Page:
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Parallel 13

Reconciliation between Heteronormative Discourses in Church and LGBT Christians: Queering of God by Acknowledging Sexual Embodiment into the Dominant Discourse


Dr. Christopher Chi-Pang YIU

Specialist in General Surgery and Sex Therapist

Sexual ethic possesses strong power on sexual discourses and has shaped sexual practices and selfhood accordingly. Metanarratives from sexual ethic provide social stability but in expenses to individuality and diversity, the ideology charged by postmodernity. Hong Kong is in the intersection of Chinese and Western cultural influences. On one hand, the traditional Chinese cultures are those on male dominant discourse, emerged from both patriarchy system and economic male dominance in earlier history in Hong Kong. The Western influences are those Jewish-Christian culture on another hand. The summation of the Chinese and Western cultural influences is the binary system inclining to patriarchy, and heteronormativity in sexuality and gender issues. Sexual ethics in church follow the similar tones of the sociocultural background, but with enhanced degree of control. Pastors champion spirituality over sexuality, limited space for discussion on sexual self and diversity is allowed. The primary concern is probably the stability of congregation. Spirituality is the professional area of pastoring but sexuality especially embodied knowledge is not easily controllable by usual pastoral practices. Sexuality is therefore believed to be the main source of instability and given the name of most demon sin.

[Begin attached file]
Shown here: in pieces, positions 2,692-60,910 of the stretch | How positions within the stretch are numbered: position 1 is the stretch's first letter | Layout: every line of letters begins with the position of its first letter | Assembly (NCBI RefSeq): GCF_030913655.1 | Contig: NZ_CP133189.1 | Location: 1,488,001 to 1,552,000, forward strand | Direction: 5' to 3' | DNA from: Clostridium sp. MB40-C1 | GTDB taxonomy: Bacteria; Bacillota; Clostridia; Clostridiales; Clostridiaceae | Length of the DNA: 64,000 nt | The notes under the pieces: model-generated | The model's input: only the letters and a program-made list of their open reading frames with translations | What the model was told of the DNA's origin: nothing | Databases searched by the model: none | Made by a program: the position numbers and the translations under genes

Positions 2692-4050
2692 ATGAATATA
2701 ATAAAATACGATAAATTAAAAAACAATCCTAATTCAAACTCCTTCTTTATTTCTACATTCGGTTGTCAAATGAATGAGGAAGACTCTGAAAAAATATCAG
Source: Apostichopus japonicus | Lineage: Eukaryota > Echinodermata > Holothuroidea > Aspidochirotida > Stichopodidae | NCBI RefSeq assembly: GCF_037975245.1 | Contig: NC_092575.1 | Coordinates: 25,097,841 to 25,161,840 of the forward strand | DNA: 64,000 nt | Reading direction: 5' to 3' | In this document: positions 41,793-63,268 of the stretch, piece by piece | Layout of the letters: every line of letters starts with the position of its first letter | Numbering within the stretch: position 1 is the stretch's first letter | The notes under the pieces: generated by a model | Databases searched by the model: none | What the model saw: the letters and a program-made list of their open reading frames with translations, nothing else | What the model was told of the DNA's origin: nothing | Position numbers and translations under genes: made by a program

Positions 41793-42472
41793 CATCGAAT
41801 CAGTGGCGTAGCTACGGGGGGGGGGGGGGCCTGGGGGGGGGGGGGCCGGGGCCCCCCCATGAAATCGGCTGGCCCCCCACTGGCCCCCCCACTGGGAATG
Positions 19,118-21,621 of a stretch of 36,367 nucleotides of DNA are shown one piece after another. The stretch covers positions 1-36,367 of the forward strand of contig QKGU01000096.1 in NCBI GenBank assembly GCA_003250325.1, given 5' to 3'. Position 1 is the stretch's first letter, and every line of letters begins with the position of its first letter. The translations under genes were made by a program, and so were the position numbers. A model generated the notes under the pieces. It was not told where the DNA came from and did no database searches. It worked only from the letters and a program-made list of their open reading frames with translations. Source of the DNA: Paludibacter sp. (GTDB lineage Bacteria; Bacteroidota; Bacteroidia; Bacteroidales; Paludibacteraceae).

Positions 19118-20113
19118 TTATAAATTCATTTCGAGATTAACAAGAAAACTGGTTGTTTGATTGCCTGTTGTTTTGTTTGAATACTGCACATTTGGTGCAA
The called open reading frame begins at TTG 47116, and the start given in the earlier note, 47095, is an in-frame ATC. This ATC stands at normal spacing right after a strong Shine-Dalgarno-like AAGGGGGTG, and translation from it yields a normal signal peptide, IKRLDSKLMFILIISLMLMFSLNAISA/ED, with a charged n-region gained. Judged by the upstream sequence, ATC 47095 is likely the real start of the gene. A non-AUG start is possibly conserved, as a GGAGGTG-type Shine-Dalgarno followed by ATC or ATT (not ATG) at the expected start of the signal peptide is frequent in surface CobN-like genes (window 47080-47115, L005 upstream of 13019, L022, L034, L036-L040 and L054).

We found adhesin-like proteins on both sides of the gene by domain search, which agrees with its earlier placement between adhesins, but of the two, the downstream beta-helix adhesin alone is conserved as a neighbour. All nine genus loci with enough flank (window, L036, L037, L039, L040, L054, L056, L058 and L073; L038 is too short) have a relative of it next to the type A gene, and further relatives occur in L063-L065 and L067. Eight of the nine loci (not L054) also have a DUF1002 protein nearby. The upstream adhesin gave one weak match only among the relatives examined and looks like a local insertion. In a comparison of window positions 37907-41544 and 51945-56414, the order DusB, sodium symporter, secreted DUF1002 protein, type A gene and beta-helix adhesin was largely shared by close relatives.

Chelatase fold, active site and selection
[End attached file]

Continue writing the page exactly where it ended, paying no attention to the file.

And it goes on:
In the past years, the author has performed qualitative interviews with LGBT Christians to explore their embodiment data and their perceived images of Godhood out of their own sexuality. The aim is to explore how the understanding of embodiment has contributed to the construction of sexual self within the dominant heteronormative discourse. This sexual self is of paramount importance to understand the materials about self but to relate with other to form a relational self (otherness-in-selfness) and with God to construct a narrated self in Christ. Selfhood or identity of self, as illustrated by the lived experiences of these LGBT Christians, is a fluidic and diversified concept which resist any attempt to stay in a fixated point of standing, therefore it is never a stable concept in their own voyages on sexual discovery. Such identity is constructed by continuous naming and renaming about their narratives of selfhood and relationship, the process to reclaim empowerment progressively. By their naming and renaming of their identity, a theological tendency of queering of God is observed. Out of their own embodied sexuality, they articulate God in a queered way by questioning the gender of God (male/ masculine Father and Son, female/ feminine Holy Spirit), and o further narrate their relationship with the Godhood again by means of naming and renaming. There is no attempt to replace the metanarrratives by their narrartives constitutionally, but to humbly recover the possibility of fluidity of sexuality in theological consideration. I see no battle between the LGBT Christians with the dominant discourse but a possible reconciliation by allowing a narrative of queering God in this regard. This queering approach provides an intersection between two camps in pastoring level and in a practical sense.            


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